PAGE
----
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Czech parliament toughens gun laws after December mass shooting

 A police officer guards a street in downtown Prague, Czech Republic, on Dec. 21, 2023.
A police officer guards a street in downtown Prague, Czech Republic, on Dec. 21, 2023. Copyright AP Photo/Petr David Josek, File
Copyright AP Photo/Petr David Josek, File
By Euronews with AP
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New legislation will increase the frequency of medical checks for gun owners and require businesses to report suspicious purchases.


The Czech Parliament has approved new firearm safety laws which tighten requirements for owning a gun following a deadly mass shooting in December which killed 14 people and injured 25 others.

According to the legislation passed on Wednesday, which must be signed by President Petr Pavel before coming into effect, gun owners will have to undergo a medical check every five years instead of every ten years, as currently required.

The law also requires businesses to report suspicious purchases of guns and ammunition to the police, while doctors will gain access to databases to find out if their patients are gun owners.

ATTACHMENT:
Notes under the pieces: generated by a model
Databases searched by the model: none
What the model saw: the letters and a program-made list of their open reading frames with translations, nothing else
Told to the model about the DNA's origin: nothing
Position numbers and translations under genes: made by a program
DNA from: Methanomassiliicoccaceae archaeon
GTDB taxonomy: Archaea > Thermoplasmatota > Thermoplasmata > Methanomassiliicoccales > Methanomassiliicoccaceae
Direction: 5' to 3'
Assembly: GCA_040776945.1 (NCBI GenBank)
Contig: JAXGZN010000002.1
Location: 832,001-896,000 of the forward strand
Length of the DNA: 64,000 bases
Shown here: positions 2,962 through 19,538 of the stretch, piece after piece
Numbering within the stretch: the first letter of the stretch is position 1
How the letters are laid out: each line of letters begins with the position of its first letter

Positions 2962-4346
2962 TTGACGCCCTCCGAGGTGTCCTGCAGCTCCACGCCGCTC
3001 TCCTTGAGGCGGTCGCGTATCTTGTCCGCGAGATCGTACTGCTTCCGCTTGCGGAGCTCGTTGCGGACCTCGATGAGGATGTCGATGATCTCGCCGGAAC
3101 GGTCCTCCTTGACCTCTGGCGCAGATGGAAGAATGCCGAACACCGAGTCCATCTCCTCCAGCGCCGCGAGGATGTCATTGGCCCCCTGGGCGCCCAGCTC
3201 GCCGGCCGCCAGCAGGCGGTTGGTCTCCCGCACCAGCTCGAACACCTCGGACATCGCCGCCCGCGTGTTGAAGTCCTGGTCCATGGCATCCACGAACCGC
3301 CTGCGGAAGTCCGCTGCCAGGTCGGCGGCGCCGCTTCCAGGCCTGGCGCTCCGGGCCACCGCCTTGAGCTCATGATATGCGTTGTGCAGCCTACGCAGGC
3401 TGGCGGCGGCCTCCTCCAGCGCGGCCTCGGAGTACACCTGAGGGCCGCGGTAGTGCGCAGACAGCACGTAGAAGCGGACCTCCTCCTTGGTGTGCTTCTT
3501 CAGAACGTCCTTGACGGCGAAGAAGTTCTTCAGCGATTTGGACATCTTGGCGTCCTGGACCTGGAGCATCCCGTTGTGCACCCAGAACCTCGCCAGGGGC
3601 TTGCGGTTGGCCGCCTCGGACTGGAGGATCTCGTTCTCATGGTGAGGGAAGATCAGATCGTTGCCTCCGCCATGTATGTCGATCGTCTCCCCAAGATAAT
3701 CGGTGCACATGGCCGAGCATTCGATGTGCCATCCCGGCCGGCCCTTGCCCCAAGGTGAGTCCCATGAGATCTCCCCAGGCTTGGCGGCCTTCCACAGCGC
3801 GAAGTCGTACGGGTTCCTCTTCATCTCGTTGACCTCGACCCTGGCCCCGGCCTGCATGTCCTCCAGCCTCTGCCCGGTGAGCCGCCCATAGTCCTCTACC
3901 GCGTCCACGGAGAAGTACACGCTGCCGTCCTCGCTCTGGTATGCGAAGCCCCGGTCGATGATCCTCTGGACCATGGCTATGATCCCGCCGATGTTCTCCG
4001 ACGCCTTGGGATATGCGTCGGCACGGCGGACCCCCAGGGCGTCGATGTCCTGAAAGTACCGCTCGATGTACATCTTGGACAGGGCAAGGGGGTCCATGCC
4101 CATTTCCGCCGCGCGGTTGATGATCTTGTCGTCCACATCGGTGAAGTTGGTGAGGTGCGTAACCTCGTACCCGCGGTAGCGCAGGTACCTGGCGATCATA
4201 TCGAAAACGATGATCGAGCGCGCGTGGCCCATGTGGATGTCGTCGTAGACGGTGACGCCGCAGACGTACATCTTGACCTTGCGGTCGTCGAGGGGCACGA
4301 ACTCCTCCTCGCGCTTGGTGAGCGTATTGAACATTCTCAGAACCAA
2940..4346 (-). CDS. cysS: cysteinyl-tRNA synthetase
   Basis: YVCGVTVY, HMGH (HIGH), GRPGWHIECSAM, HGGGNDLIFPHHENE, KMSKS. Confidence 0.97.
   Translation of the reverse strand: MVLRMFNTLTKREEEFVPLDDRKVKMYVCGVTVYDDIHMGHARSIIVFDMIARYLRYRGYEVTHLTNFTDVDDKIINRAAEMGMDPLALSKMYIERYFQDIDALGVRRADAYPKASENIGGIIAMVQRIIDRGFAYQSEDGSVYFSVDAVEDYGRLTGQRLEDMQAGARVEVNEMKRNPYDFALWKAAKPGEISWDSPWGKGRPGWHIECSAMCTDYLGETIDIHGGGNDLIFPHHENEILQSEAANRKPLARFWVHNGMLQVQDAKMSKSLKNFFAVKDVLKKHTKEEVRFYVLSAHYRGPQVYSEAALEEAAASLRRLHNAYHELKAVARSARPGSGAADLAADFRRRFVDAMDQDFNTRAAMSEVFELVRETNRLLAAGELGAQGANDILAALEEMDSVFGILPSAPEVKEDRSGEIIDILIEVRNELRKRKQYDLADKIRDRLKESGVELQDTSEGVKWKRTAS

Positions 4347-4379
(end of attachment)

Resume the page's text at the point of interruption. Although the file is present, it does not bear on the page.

The shooting at Charles University in Prague on 22 December last year was the country's worst such incident in modern history, and highlighted how lax Czech gun laws are compared to those of other EU member states.

While gun violence has previously been rare in the country, the Czech Republic has a constitutional right to bear arms, though individuals must first obtain a gun license before purchasing a weapon. According to 2022 data from the national police, there are 1 million registered weapons in the country.

The lone gunman involved in the Charles University shooting, a 24-year-old student, legally owned several guns. He had no criminal record, according to authorities.

Parliamentary debate on the new legislation tightening gun ownership requirements had already begun before that shooting.

Interior Minister Vit Rakusan said it was hard to speculate whether the new measures would have prevented the mass shooting if they had been in effect before it took place.

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